(A blog post, so i won’t spell out your name or email.)
You named 5 STL components. I now feel STL was designed first to provide containers, then algorithms, then iterators, as the 3 main things. In addition, functors and are an efficiency feature. Allocators are an advanced customization tool for those users with special requirement and skill.
To a developer new to c++, iterators aren’t meaningful. In contrast, container has the most visible value and usage — to hold a bunch of objects (or pointers), including nested containers. Most developers would want to use common data structures like arrays, linked lists, sets, lookup tables etc. Unfortunately core c++ provides only fixed arrays. Therefore STL provides parametrized containers to the rescue.
Immediately people would need common operations on these containers, like find, remove, copy, sort, count_if… So STL provides parametrized algorithms on containers. A key design goal is maximum flexibility and re-usability when you mix and match any container with any algorithm. This is hard, even without the stringent requirement of efficiency. It’s so hard that a complete breed of classes were invented — iterators. Numerous authors including STL original developers confirmed that iterator was the glue between containers and STL algorithms.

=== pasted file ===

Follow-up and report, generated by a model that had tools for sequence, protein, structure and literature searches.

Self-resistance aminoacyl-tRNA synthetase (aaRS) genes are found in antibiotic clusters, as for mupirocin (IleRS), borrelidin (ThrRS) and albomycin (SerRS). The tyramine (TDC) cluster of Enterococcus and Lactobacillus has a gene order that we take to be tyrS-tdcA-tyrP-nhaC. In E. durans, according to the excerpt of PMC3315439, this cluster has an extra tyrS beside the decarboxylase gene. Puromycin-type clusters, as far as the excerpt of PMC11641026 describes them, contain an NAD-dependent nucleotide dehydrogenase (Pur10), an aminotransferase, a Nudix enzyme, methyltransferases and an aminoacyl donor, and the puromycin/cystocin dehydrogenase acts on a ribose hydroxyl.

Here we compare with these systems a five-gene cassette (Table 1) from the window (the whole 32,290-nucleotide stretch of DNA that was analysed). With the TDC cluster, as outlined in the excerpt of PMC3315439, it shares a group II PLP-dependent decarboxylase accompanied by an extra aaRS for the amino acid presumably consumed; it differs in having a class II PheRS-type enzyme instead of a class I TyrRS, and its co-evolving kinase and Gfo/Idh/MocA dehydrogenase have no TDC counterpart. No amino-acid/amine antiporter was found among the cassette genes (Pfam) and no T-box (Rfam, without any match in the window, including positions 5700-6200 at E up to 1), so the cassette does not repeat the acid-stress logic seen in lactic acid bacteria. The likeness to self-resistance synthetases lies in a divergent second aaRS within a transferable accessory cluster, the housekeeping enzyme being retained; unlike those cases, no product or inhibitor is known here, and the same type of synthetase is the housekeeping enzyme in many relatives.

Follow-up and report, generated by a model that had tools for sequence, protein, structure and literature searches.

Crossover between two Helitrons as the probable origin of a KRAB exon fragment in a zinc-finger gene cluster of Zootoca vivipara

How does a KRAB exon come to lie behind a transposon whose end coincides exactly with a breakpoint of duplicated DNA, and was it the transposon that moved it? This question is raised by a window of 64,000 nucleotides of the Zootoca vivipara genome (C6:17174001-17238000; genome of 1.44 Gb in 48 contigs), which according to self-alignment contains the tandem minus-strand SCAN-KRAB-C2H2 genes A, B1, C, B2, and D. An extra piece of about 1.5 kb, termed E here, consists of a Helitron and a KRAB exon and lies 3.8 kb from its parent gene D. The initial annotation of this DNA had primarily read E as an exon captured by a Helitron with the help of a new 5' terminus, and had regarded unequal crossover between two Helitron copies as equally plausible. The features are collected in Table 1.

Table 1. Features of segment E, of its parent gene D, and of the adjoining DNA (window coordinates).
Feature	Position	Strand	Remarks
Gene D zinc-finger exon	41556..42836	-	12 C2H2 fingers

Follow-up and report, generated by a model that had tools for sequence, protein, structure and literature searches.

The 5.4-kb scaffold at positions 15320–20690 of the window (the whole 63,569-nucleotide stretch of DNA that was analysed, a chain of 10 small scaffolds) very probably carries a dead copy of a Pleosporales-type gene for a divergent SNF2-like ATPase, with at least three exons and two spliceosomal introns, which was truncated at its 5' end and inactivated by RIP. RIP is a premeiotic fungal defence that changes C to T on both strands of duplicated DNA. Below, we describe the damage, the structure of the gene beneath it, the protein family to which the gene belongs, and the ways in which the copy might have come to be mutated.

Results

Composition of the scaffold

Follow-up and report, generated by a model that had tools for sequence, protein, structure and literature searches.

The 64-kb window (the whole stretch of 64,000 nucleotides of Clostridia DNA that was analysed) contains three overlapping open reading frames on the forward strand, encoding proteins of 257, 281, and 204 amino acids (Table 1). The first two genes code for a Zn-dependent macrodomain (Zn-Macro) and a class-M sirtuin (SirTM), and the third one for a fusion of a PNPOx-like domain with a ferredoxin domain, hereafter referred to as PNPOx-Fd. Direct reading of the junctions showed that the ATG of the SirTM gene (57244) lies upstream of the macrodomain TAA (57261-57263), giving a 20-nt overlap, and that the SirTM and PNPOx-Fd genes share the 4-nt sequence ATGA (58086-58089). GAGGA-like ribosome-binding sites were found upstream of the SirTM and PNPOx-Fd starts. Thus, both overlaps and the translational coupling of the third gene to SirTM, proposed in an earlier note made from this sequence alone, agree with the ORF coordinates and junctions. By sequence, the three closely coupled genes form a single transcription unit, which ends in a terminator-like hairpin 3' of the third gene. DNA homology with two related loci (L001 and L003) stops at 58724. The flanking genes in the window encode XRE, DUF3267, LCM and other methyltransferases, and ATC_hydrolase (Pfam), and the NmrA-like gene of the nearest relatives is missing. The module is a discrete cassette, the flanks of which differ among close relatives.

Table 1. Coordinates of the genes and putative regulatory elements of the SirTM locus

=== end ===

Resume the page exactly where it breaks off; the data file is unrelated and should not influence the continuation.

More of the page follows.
Among the 3, some are more necessary than others. Ranked in terms of necessity,
1) A container is usable by itself, even without algorithms/iterators. I mean the methods of the container classes, like push_back, get, operator
2) However, serious users of containers usually need iterators just to get all the content. This minimal usage need nothing beside the operator++ and operator* .
3) To meet more application requirements, some users write their own loops to do everything, using more features of iterators. So those iterator features are less essential than operator++ and operator* .
4) least necessary are the STL algorithms. They use the full features of iterators.
As an interesting comparison, java’s containers are likewise the most necessary part of the collections framework. Iterators are heavily used but not always needed (except in loops). The non-static methods in Collection.java and static methods in Collections.java are similar to STL algorithms, but are somewhat less used. I for one write lots of loops by myself.